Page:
Bike Plan EIR
Analyzing the impacts of a Complete Bicycle Network
Hooray! The SF Planning Commission certified the Environmental Impact Report (EIR) for the SF Bicycle Plan (6/25/09), and the San Francisco Municipal Transportation Agency (SFMTA) voted to adopt the 2009 San Francisco Bicycle Plan and gave the green light to 45 Bike Network Improvement Projects (6/26/09).
The City has prepared and certified an Environmental Impact Report (EIR) on the San Francisco Bicycle Plan to satisfy a Superior Court ruling handed down in November 2006. Until we assemble and certify an adequate CEQA environmental review on the whole Bike Plan, and adopt that Bike Plan, we're not allowed to make any further physical improvements for bicycles in the city. So how much adverse environmental impact can a plan for better biking be expected to cause? And can it really cost the better part of a million dollars and two years or more to find out?
First, some quick CEQA catch up (see CEQA at a Glance). Under CEQA, most projects must be reviewed for their potential environmental impact, and that review carried out and reported as a public information process, as an tool for decision-making by legislators and policymaking bodies. The quintessence of CEQA is the EIR process, the fullest expression of the CEQA principles of environmental significance and public information, although not every project is obliged to undergo a full EIR treatment.
Where it appears possible or likely that a project could have significant environmental impacts, the "lead agency" reviewing the project (in San Francisco, the Planning Department) prepares an Initial Study, assessing a checklist of environmental concerns (e.g., dirty air) and thresholds of significance (e.g. how many parts per million of carbon monoxide per hour). If that Initial Study indicates probable significant environmental impacts for the project, the agency must prepare an EIR. If the Initial Study shows that no EIR is necessary, the agency must prepare a Negative Declaration. If the project would have significant environmental impacts, but those impacts may be mitigated to a level of less than significant, then the agency must prepare a Mitigated Negative Declaration.
In the case of the Bike Plan, the City is moving forward with an EIR without waiting for an Initial Study, to establish the strongest and fullest CEQA clearance of the Bike Plan and the project that it describes so we can dig into implementing that plan (once the EIR is complete) without further legal doubt as to its environmental effects.
An EIR is a formally-defined thing under CEQA, but it's a fairly flexible definition, if a bit lawyerly and opaque. The EIR starts with a formal declaration of the project, just what is being proposed. In the case of the SF Bike Plan, the project is to improve the continuity, safety, and utility of the official citywide bicycle route network over the next five years by way of physical roadway enhancements, as well as establishing policies to support increased bicycling safety and utility throughout the city. The specific bike network enhancements are spelled out in the Network Improvement Document, a long list of bike lane additions and route improvements developed in the Bike Plan Update process and reaching into every corner of the city, and the policies are spelled out in the Policy Framework Document.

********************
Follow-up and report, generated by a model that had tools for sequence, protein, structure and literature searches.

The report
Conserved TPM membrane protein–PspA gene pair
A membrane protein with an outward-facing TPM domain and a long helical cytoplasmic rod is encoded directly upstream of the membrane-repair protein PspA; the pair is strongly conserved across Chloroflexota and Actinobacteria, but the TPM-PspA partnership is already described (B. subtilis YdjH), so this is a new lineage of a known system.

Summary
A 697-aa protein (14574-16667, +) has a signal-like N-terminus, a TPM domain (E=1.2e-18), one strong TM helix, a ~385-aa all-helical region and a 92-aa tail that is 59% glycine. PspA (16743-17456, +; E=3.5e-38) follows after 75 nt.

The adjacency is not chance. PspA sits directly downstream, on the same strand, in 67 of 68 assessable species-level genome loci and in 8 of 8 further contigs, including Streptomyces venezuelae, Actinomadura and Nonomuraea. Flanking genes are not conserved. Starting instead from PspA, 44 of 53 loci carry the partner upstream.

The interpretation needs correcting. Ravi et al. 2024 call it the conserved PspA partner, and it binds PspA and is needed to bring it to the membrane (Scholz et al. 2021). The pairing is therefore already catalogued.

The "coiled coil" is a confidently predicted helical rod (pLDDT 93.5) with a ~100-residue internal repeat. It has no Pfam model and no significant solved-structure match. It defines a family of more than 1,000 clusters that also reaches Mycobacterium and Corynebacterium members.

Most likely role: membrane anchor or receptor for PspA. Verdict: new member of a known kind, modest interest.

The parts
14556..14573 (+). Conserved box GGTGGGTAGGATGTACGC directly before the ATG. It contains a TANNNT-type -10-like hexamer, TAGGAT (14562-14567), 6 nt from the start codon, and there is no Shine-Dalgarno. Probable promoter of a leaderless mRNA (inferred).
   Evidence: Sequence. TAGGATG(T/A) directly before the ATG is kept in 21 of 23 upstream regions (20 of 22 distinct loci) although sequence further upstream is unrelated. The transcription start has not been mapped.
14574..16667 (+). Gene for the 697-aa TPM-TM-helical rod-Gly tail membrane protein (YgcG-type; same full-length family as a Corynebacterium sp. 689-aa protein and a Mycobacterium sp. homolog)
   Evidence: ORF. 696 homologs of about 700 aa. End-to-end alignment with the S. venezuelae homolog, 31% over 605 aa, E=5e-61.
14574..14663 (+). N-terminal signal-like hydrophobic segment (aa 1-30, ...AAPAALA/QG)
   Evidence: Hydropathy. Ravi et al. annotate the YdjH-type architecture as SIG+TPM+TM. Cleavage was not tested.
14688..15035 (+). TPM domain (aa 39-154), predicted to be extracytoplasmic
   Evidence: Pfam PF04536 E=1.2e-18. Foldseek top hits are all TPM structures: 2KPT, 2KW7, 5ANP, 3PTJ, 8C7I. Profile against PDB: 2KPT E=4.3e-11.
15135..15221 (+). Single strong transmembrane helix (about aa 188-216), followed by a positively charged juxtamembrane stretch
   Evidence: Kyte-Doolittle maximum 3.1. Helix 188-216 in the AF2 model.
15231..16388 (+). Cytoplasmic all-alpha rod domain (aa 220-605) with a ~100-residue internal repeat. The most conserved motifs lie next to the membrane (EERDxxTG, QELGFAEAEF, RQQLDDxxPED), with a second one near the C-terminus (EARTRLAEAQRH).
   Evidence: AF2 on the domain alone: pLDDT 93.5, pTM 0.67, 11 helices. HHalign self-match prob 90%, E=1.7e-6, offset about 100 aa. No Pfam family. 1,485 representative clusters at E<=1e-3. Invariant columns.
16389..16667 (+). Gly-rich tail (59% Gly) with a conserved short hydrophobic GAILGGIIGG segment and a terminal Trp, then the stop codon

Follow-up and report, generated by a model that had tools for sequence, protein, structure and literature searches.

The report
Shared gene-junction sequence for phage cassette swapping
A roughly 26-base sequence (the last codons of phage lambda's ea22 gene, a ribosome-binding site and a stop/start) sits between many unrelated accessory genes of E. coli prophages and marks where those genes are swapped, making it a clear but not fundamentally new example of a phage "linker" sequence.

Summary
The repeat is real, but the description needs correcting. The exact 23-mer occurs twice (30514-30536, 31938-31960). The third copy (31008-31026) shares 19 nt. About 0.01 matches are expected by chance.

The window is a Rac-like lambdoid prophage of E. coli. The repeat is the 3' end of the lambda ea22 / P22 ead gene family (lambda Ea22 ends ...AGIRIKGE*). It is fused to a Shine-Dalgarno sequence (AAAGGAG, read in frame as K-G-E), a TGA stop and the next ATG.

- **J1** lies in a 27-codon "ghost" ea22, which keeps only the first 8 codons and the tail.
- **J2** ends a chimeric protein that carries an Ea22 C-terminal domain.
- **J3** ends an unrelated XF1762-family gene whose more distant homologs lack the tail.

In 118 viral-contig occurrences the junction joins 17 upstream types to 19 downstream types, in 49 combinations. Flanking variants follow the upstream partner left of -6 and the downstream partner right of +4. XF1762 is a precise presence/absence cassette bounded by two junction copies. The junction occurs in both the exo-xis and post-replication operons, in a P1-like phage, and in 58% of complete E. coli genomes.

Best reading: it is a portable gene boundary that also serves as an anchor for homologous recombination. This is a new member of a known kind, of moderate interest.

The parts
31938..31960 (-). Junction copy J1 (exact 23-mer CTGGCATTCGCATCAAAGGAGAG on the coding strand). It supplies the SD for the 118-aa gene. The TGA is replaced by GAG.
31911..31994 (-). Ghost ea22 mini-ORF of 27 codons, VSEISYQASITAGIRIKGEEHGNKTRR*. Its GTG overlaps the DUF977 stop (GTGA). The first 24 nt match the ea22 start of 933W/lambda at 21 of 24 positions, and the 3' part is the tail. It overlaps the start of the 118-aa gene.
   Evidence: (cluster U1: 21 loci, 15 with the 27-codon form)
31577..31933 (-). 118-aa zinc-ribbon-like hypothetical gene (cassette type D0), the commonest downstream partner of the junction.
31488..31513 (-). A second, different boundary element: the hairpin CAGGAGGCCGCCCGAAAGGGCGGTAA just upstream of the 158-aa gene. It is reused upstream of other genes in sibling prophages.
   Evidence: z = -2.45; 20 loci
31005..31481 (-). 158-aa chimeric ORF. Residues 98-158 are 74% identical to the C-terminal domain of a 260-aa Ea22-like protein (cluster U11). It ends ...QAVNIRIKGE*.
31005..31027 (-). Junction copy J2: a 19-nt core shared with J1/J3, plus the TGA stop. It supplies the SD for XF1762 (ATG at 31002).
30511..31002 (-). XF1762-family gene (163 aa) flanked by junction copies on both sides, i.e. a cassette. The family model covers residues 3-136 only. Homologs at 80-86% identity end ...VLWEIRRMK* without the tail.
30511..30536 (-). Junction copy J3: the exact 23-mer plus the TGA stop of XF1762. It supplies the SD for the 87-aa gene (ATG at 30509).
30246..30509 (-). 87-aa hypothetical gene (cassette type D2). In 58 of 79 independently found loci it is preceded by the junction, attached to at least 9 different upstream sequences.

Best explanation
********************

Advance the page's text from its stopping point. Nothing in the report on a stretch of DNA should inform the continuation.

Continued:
The EIR will describe existing conditions for the project's setting, and of course the EIR will consider and discuss environmental impacts the project might cause, directly or indirectly. The EIR will focus on the project's significant environmental effects, mitigation measures, and a range of alternatives, including a "no project" alternative that analyzes what the environmental impact would be if the project weren't implemented. In the case of the Bike Plan, it's conceivable that the "no project" alternative would result in worse environmental conditions than any of the project alternatives!
Not every conceivable alternative to a project has to be considered, only a reasonable range of potentially feasible alternatives that will foster informed decision-making and public participation.
As well as analyzing possible significant environmental impacts, the EIR contains a statement briefly indicating the reasons that various possible significant effects of a project were determined not to be significant and were therefore not discussed in detail in the EIR. The project's cumulative impacts will be studied in consideration of other projects causing related impacts when the project's incremental effect is cumulatively considerable, and economic or social information may be included in an EIR or may be presented in whatever form the agency desires, although economic or social effects of a project shall not be treated as significant effects on the environment.
Once the Draft EIR has been completed it will be opened to public review for a period (generally 45 days) during which anyone, with an interest in the project, whether individual, agency, or organization, may comment on the Draft EIR. After the public comment period has ended, the lead agency evaluates and responds to comments received. If comments result in significant modification to the Draft EIR it is revised and recirculated, otherwise the comments and responses are added to the Draft EIR and the Final EIR is issued. The Final EIR will go to the Planning Commission for Certification (which can be appealed to the Board of Supervisors) after which the Bike Plan, with its certified EIR, will go to the Board of Supervisors for approval, and then on to the Mayor for his signature.
Finally a Notice of Determination is filed by Planning which closes the whole saga. If no one appeals the Bike Plan's approval within 30 days, the EIR is done and adequate, and we're back to striping bike lanes in a big way for the next several years.